New voices : the curious case of Sherlock Holmes and perceptual load

Robertson, David James (2012) New voices : the curious case of Sherlock Holmes and perceptual load. The Psychologist, 25. pp. 472-475. ISSN 0952-8229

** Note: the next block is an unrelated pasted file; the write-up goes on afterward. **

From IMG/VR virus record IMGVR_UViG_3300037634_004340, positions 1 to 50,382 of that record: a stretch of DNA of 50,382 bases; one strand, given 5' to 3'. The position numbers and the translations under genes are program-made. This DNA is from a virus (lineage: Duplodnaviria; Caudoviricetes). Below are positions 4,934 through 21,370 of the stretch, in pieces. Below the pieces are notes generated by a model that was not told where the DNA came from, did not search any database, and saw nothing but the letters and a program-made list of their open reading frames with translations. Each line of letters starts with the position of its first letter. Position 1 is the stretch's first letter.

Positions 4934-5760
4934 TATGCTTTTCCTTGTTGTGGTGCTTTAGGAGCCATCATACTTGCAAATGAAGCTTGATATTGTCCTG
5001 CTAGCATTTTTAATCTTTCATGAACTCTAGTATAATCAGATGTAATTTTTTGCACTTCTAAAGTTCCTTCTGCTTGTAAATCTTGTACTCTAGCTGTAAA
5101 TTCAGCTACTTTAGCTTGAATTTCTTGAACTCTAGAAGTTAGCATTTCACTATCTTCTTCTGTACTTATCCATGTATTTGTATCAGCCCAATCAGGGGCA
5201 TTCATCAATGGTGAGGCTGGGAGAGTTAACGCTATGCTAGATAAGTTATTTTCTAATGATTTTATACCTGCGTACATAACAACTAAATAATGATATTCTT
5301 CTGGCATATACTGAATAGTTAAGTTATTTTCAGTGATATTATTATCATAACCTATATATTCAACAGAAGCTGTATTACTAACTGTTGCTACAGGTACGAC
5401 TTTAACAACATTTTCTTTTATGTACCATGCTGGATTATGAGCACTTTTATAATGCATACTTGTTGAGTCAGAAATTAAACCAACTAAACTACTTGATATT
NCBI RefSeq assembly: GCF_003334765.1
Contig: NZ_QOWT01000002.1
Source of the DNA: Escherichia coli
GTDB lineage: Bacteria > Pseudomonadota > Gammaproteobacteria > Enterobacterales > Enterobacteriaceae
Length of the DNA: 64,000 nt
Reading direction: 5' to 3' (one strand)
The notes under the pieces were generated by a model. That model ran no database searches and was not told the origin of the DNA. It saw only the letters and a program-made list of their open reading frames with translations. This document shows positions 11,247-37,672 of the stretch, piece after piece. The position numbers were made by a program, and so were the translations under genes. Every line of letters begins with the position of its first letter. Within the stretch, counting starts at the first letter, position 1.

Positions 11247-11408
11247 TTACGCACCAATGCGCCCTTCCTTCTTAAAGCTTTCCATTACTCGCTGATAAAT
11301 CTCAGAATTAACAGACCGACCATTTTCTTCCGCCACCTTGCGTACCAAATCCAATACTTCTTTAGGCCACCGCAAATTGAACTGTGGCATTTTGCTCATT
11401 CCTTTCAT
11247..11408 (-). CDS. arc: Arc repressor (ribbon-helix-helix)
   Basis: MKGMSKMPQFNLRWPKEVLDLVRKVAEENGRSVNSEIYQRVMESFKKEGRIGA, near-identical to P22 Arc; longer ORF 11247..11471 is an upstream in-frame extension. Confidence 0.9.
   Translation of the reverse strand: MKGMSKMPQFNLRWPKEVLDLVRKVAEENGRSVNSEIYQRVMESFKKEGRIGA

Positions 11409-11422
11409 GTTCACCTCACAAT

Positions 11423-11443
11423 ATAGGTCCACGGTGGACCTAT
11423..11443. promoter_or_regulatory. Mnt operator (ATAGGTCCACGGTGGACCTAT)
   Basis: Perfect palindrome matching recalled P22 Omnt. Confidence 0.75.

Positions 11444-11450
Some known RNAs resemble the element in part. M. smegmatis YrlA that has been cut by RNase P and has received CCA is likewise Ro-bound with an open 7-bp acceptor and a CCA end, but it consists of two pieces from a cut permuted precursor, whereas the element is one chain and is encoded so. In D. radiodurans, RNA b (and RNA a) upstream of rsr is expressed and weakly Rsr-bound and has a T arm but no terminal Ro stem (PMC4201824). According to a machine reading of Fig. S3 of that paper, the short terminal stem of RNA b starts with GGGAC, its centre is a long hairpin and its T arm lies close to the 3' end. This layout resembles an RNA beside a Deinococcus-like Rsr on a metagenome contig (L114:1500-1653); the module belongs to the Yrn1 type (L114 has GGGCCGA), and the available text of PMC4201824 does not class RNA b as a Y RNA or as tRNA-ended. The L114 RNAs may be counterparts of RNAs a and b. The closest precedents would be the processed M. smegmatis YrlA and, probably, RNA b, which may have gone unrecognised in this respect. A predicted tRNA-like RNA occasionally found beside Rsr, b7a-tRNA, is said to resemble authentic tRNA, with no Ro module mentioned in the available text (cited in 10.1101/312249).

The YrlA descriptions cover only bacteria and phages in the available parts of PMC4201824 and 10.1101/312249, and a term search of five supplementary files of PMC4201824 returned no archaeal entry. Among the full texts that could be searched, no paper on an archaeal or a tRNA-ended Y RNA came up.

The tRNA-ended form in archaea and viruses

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It is of the highest importance in the art of detection to be able to recognise, out of a number of facts, which are incidental and which are vital. Otherwise your energy and attention must be dissipated instead of being concentrated (Conan Doyle, 1894/2001, p.391.) The preceding quote is elegant enough to have been written by William James in The Principles of Psychology (1890) as an explanation of our essential cognitive ability to focus our attention on relevant goal-directed information, while ignoring irrelevant and potentially distracting noise. Yet it is actually a description of the deductive processes of that most extraordinary of consulting detectives, Mr Sherlock Holmes. For Holmes, the ability to select only those relevant clues that are required to solve a case, while ignoring irrelevant and extraneous information that could cloud his reasoning, is an indispensible element of his expertise. Psychological research has made great progress over the last 60 years in understanding the cognitive and perceptual mechanisms that govern this essential selective process.


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